Facebook is changing its news feed – here’s how it works and what you need to know

Facebook are changing some things in its News Feed.
Reuters

In an effort to combat fake news and misinformation on the platform, Facebook is making some changes to its treasured News Feed.

These changes are made so as to make the Feed more reliable with so many people nowadays relying on it primarily for their daily news, whether it be by reading it from publications posting news on its pages or through friends sharing information.

Before explaining these changes though, here’s a brief explanation of how Facebook’s News Feed works.

The social media giant actually uses a set of algorithms to rank each post in your Feed and these algorithms are based on four factors: inventory, signals, predictions and relevancy score.

Inventory is the amount of stories that could turn up on your feed, whether or not it comes from friends or pages. Signals are the details of the post, who posted it, when it was posted and more.

After determining the initial information, Facebook then makes predictions on how likely you will be engaged by the post.

The predictions are then consolidated into a score that represents exactly how interested you are in the story, and from there, the posts are then ordered as such on the Feed.

One of the biggest changes that Facebook will be making will be that it will now start to prioritise engagements and interactions between you, your family and your friends over other types of content.

This is done to provide users with a different experience, where they are more involved with the people around them, and can be seen as a way to reconnect with friends or people from the past.

“When you’re using Facebook, we want you to have fun as well”, said Sara Su, product manager of Facebook’s News Feed team.

The second major change is Facebook’s enhanced measures against fake news and misinformation.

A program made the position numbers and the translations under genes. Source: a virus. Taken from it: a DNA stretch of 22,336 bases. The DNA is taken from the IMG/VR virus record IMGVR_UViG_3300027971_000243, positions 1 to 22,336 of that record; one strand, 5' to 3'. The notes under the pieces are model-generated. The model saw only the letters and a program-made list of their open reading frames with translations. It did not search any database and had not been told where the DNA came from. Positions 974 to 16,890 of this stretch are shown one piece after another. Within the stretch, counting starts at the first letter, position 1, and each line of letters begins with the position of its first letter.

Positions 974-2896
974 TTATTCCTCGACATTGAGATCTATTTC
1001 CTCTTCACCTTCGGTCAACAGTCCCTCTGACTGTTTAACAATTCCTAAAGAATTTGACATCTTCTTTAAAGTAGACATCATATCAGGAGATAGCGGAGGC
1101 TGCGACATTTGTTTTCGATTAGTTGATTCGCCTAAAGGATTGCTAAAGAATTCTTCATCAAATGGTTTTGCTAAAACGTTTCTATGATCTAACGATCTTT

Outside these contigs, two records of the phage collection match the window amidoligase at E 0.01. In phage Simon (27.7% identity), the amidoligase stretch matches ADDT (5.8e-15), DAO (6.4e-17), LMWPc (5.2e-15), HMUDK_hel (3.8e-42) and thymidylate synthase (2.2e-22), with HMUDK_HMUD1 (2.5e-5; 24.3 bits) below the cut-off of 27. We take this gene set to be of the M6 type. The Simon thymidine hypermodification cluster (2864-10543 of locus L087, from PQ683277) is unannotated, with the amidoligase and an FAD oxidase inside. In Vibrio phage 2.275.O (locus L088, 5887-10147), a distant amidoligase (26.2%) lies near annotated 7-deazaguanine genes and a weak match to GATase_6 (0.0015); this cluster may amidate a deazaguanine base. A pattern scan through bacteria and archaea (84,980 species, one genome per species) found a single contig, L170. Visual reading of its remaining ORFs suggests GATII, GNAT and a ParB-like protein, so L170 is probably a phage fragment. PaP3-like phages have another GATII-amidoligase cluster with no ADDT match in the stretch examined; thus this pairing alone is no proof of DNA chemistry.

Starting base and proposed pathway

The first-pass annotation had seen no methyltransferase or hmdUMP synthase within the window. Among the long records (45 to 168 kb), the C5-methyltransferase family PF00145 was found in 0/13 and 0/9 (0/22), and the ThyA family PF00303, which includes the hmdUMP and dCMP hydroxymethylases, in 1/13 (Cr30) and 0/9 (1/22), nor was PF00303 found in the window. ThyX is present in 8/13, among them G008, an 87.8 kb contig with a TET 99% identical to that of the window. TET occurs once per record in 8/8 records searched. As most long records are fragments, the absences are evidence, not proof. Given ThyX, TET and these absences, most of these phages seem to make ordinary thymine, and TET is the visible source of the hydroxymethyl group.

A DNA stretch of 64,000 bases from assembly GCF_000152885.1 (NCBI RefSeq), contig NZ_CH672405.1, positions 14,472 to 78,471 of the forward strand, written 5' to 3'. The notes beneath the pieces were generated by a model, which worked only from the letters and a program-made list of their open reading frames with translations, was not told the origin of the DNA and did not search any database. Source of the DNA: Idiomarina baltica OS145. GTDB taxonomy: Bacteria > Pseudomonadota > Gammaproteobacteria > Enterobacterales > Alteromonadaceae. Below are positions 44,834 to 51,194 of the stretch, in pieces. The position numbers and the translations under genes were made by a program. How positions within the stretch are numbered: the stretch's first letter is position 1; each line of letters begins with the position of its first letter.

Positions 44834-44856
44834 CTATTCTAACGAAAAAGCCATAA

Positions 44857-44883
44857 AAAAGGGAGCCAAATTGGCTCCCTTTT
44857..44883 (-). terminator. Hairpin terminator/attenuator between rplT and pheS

With the nature of news in this day and age, the Facebook team are very aware of the challenges and complexities they face when trying to tackle the issue.

As such, they’ve come up with three steps to address dangerous accounts: Remove, Reduce and Inform.

Fake accounts as well spam accounts will be removed from the site when they are detected.

If a source is deemed to be posting false news, Facebook will also try to reduce the amount of visibility it has on the pages of others. These are for cases that are deemed not extreme enough to remove, but they will still be impeded for spreading harmful information.

Lastly, Facebook will increase its efforts to inform users on the news they read.

More context will be provided on stories, and users will soon have the ability to see an “About” section on an article they are reading. This section will also shed more information on the publisher.

That way users themselves will be able to decide for themselves if they would like to consume the news.

Related articles will also be suggested to users, and some articles will be checked for  accuracy in a new feature on Facebook called “Fact-Checking”.

The new feature is tailored specifically for each country, with independent fact checking organisations from, for example, Singapore checking local publications and its news to determine if it is indeed credible.

Users will then be able to know for sure that the news they read is safe if it has been verified by the fact checkers.

Facebook has fact-checking partners in 17 countries today and is currently investing in ways to scale these efforts globally including Southeast Asia.

To find out more about what the News Feed team does and the obstacles they faced when dealing with such a sensitive issue, watch a documentary on the team here: